Seven Caldwell University students spent part of their winter break serving in remote villages in southern Belize, Central America. They helped repair schools and churches in the town of Punta Gorda and in the Mayan villages of Dolores, Santa Cruz and Pueblo Viejo.
Katlyn Houtz, a junior and an education and psychology major, said highlights for her were working in the school in Dolores where they assembled the framing for dividing walls for classrooms and having the opportunity to get to know the principal.
“I loved her story,” said Houtz, explaining that the teacher grew up in a village and was very good at mechanics and engineering but her father wanted her to become a teacher. She was able to attend high school and college, which is not the norm for females. Now that principal is focused on making education more readily available to girls.
Professor Thomson Ling, associate professor of sociology and counseling who was one of the chaperones, said he was happy they could help build basic things to improve people’s lives.
“On the first day, we constructed steps that would allow children at the school to reach the dumpster when throwing out classroom trash,” said Ling. They also helped with building the walls to divide the one- room building into separate classrooms. “I can’t imagine what it was like to learn in an open space where there are several other classes and teachers all trying to run classes at the same time.”
John McLaughlin, a junior and a nursing major, was struck by the poverty of the region and by how welcoming and polite the people were. After seeing what the Mayan people go without in material terms, he could only tell himself, “Don’t complain.”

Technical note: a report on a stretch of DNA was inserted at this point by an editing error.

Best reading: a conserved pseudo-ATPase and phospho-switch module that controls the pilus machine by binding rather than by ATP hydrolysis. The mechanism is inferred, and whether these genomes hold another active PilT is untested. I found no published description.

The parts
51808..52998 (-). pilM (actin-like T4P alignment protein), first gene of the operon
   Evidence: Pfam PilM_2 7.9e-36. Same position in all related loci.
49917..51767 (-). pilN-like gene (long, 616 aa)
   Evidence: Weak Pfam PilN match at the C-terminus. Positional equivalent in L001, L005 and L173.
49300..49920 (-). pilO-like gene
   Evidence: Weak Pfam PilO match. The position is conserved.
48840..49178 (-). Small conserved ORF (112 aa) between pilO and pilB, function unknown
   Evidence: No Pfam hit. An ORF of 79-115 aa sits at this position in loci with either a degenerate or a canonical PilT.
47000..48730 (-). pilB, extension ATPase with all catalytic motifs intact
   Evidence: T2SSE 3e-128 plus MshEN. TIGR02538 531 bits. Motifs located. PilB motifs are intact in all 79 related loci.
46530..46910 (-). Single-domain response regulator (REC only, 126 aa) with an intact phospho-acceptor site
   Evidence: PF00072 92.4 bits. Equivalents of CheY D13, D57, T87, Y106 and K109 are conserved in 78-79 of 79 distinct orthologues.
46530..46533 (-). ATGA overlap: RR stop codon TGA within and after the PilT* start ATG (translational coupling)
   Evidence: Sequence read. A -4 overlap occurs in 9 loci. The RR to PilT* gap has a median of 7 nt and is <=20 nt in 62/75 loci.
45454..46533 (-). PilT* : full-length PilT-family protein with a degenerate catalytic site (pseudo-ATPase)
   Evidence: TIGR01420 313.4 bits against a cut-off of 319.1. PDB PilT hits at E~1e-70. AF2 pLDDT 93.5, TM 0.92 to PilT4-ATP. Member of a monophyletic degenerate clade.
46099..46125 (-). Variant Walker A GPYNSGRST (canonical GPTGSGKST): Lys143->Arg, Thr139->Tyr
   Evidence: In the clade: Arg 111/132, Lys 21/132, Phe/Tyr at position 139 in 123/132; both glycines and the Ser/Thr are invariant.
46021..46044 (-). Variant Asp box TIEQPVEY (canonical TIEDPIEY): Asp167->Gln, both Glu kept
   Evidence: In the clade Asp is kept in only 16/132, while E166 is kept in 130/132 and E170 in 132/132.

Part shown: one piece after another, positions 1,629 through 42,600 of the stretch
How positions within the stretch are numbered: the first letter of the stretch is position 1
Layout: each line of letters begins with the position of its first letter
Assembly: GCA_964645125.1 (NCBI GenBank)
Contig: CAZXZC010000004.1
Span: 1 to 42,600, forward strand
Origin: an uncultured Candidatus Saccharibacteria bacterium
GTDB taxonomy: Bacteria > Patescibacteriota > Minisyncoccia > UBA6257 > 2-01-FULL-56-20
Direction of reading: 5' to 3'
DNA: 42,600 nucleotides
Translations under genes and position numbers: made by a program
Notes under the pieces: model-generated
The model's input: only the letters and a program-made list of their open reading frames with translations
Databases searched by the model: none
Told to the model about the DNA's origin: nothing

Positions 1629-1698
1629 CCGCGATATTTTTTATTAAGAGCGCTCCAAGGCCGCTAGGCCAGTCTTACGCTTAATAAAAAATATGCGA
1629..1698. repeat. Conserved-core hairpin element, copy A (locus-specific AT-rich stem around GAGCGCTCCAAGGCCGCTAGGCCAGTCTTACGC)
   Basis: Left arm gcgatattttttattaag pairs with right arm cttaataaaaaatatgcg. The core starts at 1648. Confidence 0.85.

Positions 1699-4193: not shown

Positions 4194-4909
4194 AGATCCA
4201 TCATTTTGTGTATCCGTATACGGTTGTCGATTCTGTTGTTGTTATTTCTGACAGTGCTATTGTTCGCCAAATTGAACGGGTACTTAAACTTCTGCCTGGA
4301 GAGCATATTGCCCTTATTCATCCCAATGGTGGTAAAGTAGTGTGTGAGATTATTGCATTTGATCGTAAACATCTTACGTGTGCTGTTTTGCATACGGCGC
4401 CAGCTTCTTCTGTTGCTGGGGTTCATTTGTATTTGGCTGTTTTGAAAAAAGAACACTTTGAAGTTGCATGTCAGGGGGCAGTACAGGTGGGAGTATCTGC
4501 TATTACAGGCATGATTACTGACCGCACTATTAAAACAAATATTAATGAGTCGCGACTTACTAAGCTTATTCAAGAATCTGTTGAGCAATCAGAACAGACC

The group painted the exterior of a church in the small village of Pueblo Viejo and “spent a day in Santa Cruz removing an old, rusty tin roof off of a church and preparing the structure for reroofing,” said Ling.
At first it was an adjustment to go without the comforts of home including Internet access, being able to text anytime or eating what they wanted when they wanted. But by doing without they gained.
“It was nice to disconnect,” said Houtz. “It makes you look at things in front of you.” The atmosphere made “you take a step back from what you are used to; you gain insights into how they live; they appreciate what they have, their family, their religion.”
This was the third time the university had sponsored a mission trip to the Toledo district on the Caribbean Sea. The group attended Mass at St. Peter Claver Church in Punta Gorda and took a trip to the Mayan ruins in Lubbantun.
“No matter what the task, our students stepped up to do it,” said Ling. “I don’t recall a single complaint from any of our students the entire trip. You could really tell our students were there for the right reasons.”
He said the trip underscored how people are connected. “No matter distance or culture, there are commonalities that we share. Just because there were cultural or language differences didn’t mean we couldn’t come together and accomplish great things.”
One of his memories was interacting with a villager in Dolores. “We spoke different languages and mostly communicated with gestures and the few words of English he knew, but it was clear we were both motivated to construct the classroom walls.”